Alcohol

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All month long I’m going to be hosting the posts of other people as part of my 2015 Giftmas Blog Tour. All the guest bloggers are welcome to write about anything they’d like so long as their post touched on a December holiday in some way, no matter how tangentially. The blog tour extends beyond my blog as well, and I will do my best to link to each external post from the here and share them on social media using the hashtag #GiftmasTour.

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A Season for Sensible, Sober Soirees…Hang on…What?!

by Rebecca Gibson

Alcohol.

I imagine by now you’ve all consumed a lot of it.

Perhaps you’re reading this with a woolly head, nursing your festive hangover with a small dose of denial…of course you can still handle your drink, you’re exactly the same as when you were eighteen (honest!)…

Yet, hidden in normal society, traversing this strange no man’s land between Christmas and New Year, there’s the anomalies like me.

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I don’t drink.

I don’t just drink on special occasions. I don’t just drink one every now and again because you told me to. I. Don’t. Drink. Like, at all.

Take a deep breath and compose yourself. What you just read is true. Your hungover eyes doth not deceive you. I don’t drink.

The first word that probably springs to your mind is one that, believe me, is pretty much more used in reference to myself than my actual name – boring. Yes, I suppose from the outside, not drinking is boring. All of our social gatherings, every single festival we have, is based around the consumption of alcohol. Heck, wine is even consumed at church.

There are a lot of reactions to telling people I don’t drink. As someone in their early twenties, meeting other people in their early twenties, the first reaction seems to always be disbelief. As if I’m going to turn around and say “only joking, I’ll have vodka please!” although, the look on their face always makes it clear this would be a joke too far. The next reaction is to question.

xmas2Mocktales!

“Why?”

“Is it a religious thing?”

Let’s cast our minds back to the wine in church thing for a second here…how could it be religious to not drink alcohol?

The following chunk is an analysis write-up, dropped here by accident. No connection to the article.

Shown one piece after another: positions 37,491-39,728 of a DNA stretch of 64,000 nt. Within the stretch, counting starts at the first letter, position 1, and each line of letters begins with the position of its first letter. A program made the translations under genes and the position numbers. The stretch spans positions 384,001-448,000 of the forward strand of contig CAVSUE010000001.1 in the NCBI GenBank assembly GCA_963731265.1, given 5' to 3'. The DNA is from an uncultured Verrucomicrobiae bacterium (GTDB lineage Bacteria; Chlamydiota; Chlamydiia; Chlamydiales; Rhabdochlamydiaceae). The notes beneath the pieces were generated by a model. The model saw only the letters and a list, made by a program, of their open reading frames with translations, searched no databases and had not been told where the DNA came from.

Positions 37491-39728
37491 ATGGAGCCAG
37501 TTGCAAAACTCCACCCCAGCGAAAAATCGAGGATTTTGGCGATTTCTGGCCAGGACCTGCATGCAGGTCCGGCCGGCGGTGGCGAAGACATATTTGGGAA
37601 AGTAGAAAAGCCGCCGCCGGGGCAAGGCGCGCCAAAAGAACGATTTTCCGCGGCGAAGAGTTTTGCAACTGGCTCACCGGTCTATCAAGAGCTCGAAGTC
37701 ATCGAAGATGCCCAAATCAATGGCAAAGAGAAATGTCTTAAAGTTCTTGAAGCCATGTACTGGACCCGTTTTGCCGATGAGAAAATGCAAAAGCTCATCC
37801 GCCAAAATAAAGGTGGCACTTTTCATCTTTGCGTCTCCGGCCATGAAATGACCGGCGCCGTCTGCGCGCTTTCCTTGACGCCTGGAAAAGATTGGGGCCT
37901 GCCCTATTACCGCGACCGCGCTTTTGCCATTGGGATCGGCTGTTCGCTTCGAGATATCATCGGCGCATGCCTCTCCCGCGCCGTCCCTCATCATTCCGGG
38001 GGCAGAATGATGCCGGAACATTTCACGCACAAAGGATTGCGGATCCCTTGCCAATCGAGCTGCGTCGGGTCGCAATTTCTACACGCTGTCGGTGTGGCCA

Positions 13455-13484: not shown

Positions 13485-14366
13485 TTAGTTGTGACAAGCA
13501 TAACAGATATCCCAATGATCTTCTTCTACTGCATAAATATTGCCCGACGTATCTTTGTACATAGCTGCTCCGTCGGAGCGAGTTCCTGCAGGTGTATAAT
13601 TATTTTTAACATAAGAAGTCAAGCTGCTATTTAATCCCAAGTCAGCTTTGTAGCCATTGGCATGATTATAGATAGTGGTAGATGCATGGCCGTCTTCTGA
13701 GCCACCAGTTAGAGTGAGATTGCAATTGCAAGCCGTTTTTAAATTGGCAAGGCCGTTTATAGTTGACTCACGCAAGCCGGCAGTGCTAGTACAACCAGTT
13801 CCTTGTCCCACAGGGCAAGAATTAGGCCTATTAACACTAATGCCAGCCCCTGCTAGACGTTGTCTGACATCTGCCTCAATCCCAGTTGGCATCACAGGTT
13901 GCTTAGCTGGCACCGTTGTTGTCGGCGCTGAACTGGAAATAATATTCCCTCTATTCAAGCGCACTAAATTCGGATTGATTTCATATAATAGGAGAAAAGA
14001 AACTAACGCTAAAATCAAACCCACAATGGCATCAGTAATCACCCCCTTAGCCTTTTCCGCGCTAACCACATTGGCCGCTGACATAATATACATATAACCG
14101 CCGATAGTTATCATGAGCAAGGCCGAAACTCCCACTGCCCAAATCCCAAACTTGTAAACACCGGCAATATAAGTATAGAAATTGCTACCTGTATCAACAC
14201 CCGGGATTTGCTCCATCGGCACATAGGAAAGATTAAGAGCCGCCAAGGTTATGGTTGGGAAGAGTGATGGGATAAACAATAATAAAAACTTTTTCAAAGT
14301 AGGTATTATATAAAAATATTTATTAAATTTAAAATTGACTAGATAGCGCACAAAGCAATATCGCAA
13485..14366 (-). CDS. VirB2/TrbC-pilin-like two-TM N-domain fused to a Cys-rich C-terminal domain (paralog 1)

“How do you have fun?”

“What’s wrong with you?”

And my personal, least favourite response…

“Just have one…for me?!”

Erm…who are you? Why would I drink for you when I only met you five minutes ago? I don’t even drink for the friends I lived with for three years.

No.

Let’s contextualise this matter for a moment. Would you turn around to a vegetarian during your Christmas feast and hold a turkey leg in their face, urging them to just try a little bit. Just for them…pretty please.

No.

Society would be sickened to their stomach if you did that. You’d be chucked out the house and left in the cold.

If you slipped a slice of ham in a vegan’s sandwich and looked on with a smirk as they consumed it and then realised what you’d done when it was too late, you’d be shamed. So, why is it acceptable – funny even – to slip alcohol into my drink without my knowing?

I made an informed decision. Please let me honour it.

I don’t find not drinking hard. I hate drinking, for me it’s very easy not to partake. I find people’s reactions to it hard. I’ve not stood up in a bar and declared my sympathetic feelings for criminals, through the medium of interpretive dance. I’ve just made a dietary choice. I don’t like the taste of alcohol. I don’t like the feeling of alcohol. I don’t like the calorie intake and I particularly don’t like the price.

It isn’t like I refuse to go to social gatherings. I had a very normal University experience, as my personal Facebook photo albums will tell you (if they weren’t all set to private, sorry not sorry). I went out to nightclubs where you stuck to the floor and frequented the local bars until morning. I made shed loads of friends and was never stuck for something to do. I just did everything stone cold sober. I even went travelling between my second and third year of Uni. Probably with the money I saved from not buying alcohol.

xmas3I’m a normal human…see?

Trust me, this earns bragging rights. Whilst my friends were huddled on the sofa, cradling fast food and steaming mugs of tea, I could waltz on in as clear headed as ever I was. I’m also a lifelong designated driver, without there ever needing to be an argument about it (unless you refuse to give me some petrol money, then it hits the fan my friends). Wouldn’t that come in handy on New Year’s Eve?